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By Jamey Mann, Catoctin School of Music

This is the time of year where college bound students are getting ready for college auditions. Students not far behind them are making the decision to peruse music or not. Something I try to do with all my students making these decisions is to be as realistic as possible with them. Too often I find that most students have an idealistic view of what it is to major in music or what you need to do to be successful after graduation.

It is a romantic idea to pursue music in school and have a career as a working musician….it sounds amazing! However, most young people underestimate the amount of work that goes into it. Studying music in college is not a four-year jam session and even if/ when you get your degree it does not guarantee anything. There is still work to be done.

Here are a few topics I let students know about before committing to a career in music.

  1. Practice- For students that don’t practice enough to begin with I do not recommend they go into music. However, for the students that do practice, they will have to practice for more than before. Not just for private lessons, but for ensembles in addition to any other side jobs they may have. Colleges recommend that students practice their instrument a minimum 3-4 hours a day. This is in addition to their other music courses and general education requirements.  
  2. Requirements- Schools may require students to take classes or do assignments they may not want to do. For example, I had to take 4 years of choir for my bachelor’s degree. This is something I did not want to do, and I struggled with having no serious vocal experience. However, it made me a far better musician and teacher. Different types of music majors and colleges will have different sets of requirements. Students should be sure of what all the requirements are before applying.
  3. Theory and Aural Skills- As mentioned above, majoring in music is not a 4-year jam or sing along. There will be many required classes that students will have to spend serious time on. The two most difficult will be music theory and aural skills. These are the classes that may take up most of your time when not practicing your instrument. I usually don’t recommend students pursue music if they do not have a basic understanding of these subjects by their senior year.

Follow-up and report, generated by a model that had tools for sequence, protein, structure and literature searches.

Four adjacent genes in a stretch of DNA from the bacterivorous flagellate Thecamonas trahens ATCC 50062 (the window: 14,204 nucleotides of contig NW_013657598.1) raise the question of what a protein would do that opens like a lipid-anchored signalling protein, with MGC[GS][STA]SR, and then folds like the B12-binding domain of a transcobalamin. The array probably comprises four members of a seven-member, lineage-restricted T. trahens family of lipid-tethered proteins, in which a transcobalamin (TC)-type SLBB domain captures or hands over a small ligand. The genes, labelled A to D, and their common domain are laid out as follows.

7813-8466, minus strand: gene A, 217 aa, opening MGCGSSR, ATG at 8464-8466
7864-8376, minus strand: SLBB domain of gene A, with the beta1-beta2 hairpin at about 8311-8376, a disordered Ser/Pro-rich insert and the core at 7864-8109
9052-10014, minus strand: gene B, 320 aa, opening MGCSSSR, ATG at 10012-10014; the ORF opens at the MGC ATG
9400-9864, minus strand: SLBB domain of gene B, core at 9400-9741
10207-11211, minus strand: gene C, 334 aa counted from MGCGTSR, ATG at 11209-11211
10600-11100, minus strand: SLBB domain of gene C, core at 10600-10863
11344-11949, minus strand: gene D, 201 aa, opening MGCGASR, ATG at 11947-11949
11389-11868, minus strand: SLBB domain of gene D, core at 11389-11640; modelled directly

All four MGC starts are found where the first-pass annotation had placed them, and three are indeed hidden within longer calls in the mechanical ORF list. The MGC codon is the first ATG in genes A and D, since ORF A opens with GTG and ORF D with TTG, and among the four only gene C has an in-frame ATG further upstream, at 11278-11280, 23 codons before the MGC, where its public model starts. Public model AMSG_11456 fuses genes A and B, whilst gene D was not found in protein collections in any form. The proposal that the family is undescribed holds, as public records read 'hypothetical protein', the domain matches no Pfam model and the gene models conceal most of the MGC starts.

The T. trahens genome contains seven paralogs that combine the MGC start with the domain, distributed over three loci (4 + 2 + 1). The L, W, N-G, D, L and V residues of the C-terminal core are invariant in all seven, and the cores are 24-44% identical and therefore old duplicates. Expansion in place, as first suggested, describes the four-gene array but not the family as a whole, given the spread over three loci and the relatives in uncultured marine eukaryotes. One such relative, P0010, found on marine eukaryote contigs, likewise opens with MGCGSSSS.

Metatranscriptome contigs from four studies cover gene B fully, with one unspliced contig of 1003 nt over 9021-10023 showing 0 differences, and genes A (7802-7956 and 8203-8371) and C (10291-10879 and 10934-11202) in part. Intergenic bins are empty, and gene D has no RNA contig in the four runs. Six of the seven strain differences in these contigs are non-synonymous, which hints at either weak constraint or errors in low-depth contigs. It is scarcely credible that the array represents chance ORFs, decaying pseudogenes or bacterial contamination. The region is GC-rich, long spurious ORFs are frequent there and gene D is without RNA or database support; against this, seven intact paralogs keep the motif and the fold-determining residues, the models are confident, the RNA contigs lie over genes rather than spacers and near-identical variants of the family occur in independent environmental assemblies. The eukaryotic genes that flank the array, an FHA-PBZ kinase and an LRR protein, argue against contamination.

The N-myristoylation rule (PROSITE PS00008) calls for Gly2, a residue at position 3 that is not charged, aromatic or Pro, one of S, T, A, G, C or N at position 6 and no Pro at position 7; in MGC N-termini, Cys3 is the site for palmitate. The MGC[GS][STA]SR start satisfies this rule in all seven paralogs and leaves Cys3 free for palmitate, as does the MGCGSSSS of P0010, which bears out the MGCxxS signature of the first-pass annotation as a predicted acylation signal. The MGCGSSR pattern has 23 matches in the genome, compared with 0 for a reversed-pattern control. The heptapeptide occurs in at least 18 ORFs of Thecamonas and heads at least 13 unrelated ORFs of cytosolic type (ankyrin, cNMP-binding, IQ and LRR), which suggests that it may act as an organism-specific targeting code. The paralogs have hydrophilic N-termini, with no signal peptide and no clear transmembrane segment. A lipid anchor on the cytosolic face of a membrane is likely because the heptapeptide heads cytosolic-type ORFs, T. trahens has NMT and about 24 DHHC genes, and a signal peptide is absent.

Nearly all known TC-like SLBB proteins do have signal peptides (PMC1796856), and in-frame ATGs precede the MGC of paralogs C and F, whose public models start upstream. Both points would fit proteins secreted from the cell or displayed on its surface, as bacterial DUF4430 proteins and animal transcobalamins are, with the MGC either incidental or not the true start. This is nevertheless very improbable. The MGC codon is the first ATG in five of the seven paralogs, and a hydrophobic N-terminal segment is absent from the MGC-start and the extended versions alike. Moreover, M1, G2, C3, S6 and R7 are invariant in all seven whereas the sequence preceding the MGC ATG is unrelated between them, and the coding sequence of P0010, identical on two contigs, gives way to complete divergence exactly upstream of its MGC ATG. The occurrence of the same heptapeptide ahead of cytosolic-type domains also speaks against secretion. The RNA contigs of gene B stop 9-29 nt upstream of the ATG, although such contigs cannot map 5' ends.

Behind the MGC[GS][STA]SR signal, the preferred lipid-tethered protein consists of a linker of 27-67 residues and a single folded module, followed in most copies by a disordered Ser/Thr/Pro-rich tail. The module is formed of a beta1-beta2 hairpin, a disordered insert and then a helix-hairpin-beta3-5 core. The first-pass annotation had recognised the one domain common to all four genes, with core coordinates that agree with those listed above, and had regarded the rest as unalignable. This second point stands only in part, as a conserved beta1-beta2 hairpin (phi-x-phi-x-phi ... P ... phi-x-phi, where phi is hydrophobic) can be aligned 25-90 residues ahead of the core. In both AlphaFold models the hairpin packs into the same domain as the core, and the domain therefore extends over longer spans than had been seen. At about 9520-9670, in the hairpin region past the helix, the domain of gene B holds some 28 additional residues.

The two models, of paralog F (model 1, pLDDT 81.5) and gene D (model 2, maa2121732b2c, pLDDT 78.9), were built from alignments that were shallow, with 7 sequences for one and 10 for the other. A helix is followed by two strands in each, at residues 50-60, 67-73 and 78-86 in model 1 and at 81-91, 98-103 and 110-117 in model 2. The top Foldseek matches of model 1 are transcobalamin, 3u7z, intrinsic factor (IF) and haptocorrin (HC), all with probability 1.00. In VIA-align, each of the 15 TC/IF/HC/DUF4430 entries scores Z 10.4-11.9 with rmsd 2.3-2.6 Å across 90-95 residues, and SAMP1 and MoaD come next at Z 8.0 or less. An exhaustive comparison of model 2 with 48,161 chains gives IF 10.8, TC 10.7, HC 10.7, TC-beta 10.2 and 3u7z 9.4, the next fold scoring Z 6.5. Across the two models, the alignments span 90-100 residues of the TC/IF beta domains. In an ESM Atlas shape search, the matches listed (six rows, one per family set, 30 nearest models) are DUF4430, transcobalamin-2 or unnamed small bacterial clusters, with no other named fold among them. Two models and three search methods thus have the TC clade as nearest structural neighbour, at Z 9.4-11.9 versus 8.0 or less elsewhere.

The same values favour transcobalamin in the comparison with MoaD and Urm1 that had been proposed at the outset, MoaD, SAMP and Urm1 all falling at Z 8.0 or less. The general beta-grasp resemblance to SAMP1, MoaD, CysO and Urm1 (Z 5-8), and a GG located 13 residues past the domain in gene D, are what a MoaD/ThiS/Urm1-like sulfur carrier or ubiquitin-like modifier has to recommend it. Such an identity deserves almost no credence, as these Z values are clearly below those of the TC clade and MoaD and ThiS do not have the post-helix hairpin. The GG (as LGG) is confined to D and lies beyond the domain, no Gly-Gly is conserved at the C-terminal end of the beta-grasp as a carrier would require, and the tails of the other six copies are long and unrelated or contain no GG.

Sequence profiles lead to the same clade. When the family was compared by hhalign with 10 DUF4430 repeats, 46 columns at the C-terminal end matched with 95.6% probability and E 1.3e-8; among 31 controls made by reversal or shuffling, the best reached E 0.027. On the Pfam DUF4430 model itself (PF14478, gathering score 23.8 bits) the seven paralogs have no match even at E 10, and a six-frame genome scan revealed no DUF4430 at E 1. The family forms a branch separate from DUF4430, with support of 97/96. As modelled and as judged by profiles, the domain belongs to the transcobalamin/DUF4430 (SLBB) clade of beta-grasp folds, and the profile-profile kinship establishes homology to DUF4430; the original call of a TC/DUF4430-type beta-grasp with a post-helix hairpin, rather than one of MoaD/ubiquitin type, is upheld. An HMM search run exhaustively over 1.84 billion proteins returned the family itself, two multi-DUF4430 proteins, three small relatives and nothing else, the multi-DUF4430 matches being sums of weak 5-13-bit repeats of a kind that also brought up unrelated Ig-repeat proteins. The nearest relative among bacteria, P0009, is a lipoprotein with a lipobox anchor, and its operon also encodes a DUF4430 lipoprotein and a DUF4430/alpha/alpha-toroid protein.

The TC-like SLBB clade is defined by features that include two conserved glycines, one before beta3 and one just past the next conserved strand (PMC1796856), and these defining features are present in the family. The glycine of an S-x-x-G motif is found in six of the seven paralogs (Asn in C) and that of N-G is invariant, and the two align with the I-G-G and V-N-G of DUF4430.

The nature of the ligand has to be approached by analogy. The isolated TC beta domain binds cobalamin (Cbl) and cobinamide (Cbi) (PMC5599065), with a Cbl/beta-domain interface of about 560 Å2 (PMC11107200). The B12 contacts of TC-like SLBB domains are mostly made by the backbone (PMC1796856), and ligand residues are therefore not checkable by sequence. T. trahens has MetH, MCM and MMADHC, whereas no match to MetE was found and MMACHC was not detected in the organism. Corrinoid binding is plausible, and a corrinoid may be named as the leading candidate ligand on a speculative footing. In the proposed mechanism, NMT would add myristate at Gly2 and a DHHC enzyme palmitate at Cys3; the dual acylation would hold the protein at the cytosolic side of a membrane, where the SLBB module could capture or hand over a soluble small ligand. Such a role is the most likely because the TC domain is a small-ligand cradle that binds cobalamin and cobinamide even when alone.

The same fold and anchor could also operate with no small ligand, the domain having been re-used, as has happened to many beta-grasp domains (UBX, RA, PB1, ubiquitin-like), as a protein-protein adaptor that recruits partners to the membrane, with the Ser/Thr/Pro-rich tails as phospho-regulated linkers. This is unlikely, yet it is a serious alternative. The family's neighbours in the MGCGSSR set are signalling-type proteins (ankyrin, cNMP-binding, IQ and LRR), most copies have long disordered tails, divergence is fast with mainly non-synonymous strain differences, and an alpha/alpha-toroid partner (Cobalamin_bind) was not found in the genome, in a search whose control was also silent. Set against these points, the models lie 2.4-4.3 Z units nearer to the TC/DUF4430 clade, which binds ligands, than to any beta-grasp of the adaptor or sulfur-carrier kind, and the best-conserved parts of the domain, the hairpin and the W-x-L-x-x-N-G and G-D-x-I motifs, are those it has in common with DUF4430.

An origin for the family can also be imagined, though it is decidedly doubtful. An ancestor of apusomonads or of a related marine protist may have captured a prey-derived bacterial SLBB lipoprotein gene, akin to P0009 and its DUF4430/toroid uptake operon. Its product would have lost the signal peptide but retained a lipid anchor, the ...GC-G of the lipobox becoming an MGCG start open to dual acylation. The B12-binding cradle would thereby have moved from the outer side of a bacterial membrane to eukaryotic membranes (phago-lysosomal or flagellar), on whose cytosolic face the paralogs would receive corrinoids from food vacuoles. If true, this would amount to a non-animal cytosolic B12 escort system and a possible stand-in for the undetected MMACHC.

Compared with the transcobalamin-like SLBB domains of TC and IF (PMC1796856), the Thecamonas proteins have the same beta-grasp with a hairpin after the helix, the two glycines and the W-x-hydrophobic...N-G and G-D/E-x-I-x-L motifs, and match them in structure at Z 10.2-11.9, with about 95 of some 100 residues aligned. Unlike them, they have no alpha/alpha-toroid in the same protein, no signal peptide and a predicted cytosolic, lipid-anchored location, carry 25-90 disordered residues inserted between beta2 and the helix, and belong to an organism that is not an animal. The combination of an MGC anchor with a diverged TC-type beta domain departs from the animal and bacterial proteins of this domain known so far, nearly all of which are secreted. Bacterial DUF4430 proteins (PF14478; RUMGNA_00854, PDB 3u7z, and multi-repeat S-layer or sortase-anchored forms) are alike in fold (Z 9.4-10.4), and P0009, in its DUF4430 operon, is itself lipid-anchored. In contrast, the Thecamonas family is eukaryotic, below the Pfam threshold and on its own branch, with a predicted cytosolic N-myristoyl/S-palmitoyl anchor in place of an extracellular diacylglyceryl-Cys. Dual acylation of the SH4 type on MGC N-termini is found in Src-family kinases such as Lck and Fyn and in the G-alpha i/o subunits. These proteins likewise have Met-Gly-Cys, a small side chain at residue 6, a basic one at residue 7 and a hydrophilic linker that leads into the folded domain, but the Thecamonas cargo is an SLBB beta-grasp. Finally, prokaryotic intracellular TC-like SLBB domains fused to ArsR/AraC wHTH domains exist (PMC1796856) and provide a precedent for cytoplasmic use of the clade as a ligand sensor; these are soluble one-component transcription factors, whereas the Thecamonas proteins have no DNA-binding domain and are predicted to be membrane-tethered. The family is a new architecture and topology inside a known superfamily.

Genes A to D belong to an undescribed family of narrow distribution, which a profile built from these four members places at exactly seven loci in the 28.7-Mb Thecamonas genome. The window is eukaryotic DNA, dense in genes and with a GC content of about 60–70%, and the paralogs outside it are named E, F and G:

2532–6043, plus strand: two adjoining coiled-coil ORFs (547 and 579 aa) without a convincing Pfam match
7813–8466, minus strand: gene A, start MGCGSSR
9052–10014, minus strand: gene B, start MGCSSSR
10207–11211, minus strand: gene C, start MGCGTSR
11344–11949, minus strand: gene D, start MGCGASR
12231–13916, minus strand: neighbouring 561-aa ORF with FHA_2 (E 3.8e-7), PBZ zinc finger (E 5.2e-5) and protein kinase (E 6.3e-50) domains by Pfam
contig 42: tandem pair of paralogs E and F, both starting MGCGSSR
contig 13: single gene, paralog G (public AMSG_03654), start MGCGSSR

4. Got a Degree. Now What?-  Once you have your music degree you’re not done. No one is going to hand you a job and you might have to get another degree (at least a Masters) to help get more experience and make yourself more employable. There is a lot of competition in the music business and most music students in their early 20’s with a bachelor’s degree do not have the experience most employers are looking for.

Many people will have to become self-employed teaching and gigging at first. Some may opt to get a day job and teach and gig on the side to make ends meet until they can find the job they want. Most musicians with solid jobs will have a part time job or more to help supplement their income.

I don’t want to scare students away from pursuing music but as an educator I feel it’s my responsibility to give student a realistic view of what it entails. Music is a unique job in that all the hard work is done behind closed doors so that it looks easy when we go to perform or teach. A career in music is worth all the sacrifices, but as in any career decision the strengths and weaknesses of the student must line up with the chosen career path. Often students don’t see or understand all the hours of hard work and late nights that go into it and it is important that we pass that knowledge on to our students so they can make informed career choices.